The Truth Behind 2016 Ventilator Code Changes

The Truth Behind 2016 Ventilator Code Changes

Ventilator technology has advanced in recent years, with the latest rage being a single device capable of treating multiple conditions. In one mode, it’s a continuous positive airway pressure (CPAP) device; in another mode, it’s a respiratory assist device (RAD); and in yet another mode, it’s a traditional ventilator device. As revolutionary as this device sounds, there’s a catch: Prescribing it for your patients may get you accused of Medicare abuse.

According to an Office of Inspector General (OIG) September 2016 Data Brief, “… suppliers could bill Medicare for the device as if it were being used as a ventilator, when use of a lower-cost CPAP device or RAD is indicated based on the patient’s medical condition.”

The Problem

Between 2009 and 2015, Medicare claims for noninvasive pressure support ventilators grew 85 times, and diagnoses shifted from neuromuscular conditions to respiratory conditions, according to the OIG report.

The rental rates for HCPCS Level II code E0464 Pressure support ventilator with volume control mode used with noninvasive interface (i.e., mask) were as much as $660, $1,470, and $1,352 more per month, respectively, than the rates for volume ventilators, CPAP devices, and RADs during the review period. These monthly rental payments for ventilators continue indefinitely, whereas those for CPAP devices and RADs are capped at 13 months.

Also between 2009 and 2015, E0464 claims listing a neuromuscular disease diagnosis decreased from 56 percent to 7 percent. Meanwhile, diagnoses of chronic respiratory failure increased from 29 percent in 2009 to 85 percent in 2015.

The Facts

RADs are covered for beneficiaries with less severe conditions that require only relatively short durations of respiratory support; ventilators are covered for more severe conditions; and CPAP devices are covered for the treatment of obstructive sleep apnea.

The Result

This year, the Centers for Medicare & Medicaid Services (CMS) consolidated ventilator codes and reduced the reimbursement amount for noninvasive pressure support ventilators.

Effective January 1, 2016, added codes are:

E0465 Home ventilator, any type, used with invasive interface, (e.g., tracheostomy tube)

E0466 Home ventilator, any type, used with non-invasive interface, (e.g., mask, chest shell)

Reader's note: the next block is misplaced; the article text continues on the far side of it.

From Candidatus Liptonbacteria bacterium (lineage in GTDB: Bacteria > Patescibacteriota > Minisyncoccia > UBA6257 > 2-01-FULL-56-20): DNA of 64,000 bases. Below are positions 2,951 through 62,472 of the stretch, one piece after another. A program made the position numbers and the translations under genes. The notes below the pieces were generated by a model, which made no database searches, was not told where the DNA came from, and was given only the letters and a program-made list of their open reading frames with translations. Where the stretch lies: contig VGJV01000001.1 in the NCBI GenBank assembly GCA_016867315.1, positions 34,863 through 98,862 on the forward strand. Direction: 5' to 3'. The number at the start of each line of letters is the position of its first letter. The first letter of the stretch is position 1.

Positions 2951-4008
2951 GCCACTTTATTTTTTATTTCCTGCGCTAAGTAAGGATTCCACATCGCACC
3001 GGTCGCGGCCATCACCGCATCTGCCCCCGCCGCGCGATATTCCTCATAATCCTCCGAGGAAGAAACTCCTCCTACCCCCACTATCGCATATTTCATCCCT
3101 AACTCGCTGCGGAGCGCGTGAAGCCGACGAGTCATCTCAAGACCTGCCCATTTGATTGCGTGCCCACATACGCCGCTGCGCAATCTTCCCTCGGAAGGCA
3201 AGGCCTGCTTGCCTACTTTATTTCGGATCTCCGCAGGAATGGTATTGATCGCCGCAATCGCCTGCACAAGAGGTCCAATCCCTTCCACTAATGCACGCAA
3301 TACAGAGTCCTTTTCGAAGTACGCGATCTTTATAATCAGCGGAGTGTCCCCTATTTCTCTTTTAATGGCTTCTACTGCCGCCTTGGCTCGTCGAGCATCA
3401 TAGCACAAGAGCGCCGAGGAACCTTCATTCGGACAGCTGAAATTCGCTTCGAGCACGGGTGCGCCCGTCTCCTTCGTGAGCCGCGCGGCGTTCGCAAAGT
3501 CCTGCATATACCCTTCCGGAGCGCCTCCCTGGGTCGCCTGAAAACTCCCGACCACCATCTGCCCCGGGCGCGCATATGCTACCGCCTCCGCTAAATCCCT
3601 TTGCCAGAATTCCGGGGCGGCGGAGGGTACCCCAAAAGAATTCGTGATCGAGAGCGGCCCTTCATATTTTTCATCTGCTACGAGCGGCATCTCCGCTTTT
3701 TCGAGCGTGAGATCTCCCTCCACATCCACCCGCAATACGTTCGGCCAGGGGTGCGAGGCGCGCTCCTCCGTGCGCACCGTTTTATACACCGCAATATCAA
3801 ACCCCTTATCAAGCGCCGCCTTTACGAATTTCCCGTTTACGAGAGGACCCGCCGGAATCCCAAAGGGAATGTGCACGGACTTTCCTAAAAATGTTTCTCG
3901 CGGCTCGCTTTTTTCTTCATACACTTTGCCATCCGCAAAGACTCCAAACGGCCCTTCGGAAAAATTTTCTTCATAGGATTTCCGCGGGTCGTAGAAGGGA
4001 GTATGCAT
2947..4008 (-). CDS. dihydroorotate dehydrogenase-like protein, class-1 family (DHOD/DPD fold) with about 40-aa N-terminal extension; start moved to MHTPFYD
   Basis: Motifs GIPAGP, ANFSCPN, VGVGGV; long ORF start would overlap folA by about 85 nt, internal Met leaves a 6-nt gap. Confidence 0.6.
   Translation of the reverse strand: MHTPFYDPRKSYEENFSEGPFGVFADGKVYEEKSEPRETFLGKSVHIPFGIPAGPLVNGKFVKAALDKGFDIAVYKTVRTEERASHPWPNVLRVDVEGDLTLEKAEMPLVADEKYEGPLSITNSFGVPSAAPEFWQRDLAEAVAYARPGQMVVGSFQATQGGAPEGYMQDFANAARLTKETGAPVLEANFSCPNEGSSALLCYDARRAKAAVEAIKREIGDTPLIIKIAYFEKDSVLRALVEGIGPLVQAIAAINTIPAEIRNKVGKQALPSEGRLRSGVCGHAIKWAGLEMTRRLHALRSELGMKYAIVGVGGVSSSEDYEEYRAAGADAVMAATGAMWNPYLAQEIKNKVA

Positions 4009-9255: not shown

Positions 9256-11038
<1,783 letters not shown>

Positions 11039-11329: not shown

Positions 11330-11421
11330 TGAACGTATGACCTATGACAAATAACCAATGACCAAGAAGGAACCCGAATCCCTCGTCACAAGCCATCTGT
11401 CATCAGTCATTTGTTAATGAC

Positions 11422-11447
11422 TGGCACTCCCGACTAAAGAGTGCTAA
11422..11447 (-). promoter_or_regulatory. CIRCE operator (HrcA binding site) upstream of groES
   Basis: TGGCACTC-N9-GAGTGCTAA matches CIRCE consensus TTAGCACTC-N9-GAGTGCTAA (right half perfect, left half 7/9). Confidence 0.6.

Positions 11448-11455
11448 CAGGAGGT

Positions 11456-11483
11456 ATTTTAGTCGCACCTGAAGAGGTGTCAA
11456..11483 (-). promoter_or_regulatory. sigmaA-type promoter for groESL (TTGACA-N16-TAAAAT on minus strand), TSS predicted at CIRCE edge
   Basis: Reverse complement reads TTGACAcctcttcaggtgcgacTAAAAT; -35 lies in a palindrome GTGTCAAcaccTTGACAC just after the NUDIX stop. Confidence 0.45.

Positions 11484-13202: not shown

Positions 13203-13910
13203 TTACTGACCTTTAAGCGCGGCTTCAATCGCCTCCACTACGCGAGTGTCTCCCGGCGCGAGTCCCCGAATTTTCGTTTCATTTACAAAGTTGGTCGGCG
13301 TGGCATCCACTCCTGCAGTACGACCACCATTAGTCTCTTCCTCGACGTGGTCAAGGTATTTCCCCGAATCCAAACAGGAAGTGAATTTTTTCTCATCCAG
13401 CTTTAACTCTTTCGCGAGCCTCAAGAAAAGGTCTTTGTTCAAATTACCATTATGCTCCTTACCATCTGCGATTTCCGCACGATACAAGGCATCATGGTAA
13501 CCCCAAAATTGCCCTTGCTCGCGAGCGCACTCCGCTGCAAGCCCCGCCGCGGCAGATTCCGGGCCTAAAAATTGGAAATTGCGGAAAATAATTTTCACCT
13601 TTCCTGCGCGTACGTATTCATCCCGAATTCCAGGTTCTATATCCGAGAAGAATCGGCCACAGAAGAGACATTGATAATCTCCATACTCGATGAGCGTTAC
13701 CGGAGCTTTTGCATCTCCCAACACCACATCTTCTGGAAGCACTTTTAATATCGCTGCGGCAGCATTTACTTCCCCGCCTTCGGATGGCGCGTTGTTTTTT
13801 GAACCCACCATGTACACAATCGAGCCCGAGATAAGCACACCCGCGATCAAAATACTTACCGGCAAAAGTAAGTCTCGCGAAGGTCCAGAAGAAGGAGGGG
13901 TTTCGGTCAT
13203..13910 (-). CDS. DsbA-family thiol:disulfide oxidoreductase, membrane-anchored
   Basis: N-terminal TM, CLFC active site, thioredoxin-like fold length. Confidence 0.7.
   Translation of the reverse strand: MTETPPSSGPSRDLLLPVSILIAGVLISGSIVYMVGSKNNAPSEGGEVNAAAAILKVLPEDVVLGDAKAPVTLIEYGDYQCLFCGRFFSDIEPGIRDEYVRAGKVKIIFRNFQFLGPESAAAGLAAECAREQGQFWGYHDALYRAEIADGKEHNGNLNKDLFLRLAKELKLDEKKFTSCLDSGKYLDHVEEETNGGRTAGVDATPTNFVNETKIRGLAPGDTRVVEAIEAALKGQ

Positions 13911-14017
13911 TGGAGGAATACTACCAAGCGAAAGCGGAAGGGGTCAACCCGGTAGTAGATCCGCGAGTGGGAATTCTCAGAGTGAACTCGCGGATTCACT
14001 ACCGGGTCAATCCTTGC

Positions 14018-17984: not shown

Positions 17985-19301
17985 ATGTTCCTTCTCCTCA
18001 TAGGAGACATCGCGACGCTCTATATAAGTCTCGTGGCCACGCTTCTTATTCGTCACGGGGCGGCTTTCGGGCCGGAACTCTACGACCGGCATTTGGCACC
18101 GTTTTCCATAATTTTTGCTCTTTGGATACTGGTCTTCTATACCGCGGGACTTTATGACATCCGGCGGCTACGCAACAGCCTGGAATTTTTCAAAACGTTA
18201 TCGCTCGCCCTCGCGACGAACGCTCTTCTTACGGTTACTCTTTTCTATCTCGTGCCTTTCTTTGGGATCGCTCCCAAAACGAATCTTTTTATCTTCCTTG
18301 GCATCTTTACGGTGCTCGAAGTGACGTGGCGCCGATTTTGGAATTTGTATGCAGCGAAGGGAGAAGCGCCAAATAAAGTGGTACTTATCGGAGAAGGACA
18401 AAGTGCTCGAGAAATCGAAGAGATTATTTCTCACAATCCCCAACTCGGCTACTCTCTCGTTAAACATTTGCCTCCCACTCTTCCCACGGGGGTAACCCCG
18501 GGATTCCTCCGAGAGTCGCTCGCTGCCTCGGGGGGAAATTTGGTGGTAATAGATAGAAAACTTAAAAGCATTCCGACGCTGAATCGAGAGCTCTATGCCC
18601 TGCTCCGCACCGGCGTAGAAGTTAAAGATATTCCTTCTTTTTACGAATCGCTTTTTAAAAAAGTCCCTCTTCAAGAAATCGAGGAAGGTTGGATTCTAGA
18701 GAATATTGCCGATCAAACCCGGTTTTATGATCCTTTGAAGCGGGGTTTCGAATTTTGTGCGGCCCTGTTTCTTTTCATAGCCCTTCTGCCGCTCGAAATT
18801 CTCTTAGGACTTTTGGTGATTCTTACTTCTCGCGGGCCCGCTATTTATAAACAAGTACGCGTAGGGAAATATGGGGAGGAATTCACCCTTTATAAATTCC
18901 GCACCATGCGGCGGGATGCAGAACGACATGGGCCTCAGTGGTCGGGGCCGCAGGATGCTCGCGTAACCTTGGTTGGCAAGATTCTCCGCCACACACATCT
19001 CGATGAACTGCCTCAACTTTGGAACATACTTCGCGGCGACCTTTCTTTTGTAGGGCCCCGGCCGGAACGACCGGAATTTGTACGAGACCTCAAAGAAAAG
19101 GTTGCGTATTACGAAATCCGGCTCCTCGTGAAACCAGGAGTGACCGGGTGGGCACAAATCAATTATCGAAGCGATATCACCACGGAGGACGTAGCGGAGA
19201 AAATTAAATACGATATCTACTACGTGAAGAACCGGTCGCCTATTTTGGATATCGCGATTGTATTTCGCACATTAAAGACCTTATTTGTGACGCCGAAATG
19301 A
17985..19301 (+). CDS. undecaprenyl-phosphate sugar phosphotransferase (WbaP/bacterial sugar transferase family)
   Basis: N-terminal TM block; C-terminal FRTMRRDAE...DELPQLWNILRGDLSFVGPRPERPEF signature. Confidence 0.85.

And deleted codes are: E0450, E0460, E0461, E0463, and E0464.

Codes E0450 and E0463 crosswalk to E0465 and codes E0460, E4061, and E0464 crosswalk to E0466.

The Future

These changes are unlikely to resolve inappropriate billing, so be prepared for medical review of ventilator claims.

Signs of inappropriate billing for ventilators include:

  • Patients being prescribed multiple devices concurrently
  • Separate billing for accessories, indicating unbundling
  • Diagnosis doesn’t support medical necessity of billed device

 


Resources:

HHS OIG Data Brief, September 2016, “Escalating Medicare Billing for Ventilators Raises Concerns

CMS, Medicare National Coverage Determinations Manual, Pub. No. 100-03, ch. 1, pt. 4, § 280.1, p. 129

CMS, Internal Healthcare Common Procedure Coding System (HCPCS) Decision Regarding Codes for Ventilators. Accessed on June 5, 2015, at a URL whose content has subsequently changed; see archived version

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Renee Dustman

Renee Dustman

Renee Dustman is executive editor at AAPC. She has a Bachelor of Science degree in Journalism and a long history of writing just about anything for just about every kind of publication there is or ever has been. She’s also worked in production management for print media, and continues to dabble in graphic design.
Renee Dustman

About Has 425 Posts

Renee Dustman is executive editor at AAPC. She has a Bachelor of Science degree in Journalism and a long history of writing just about anything for just about every kind of publication there is or ever has been. She’s also worked in production management for print media, and continues to dabble in graphic design.

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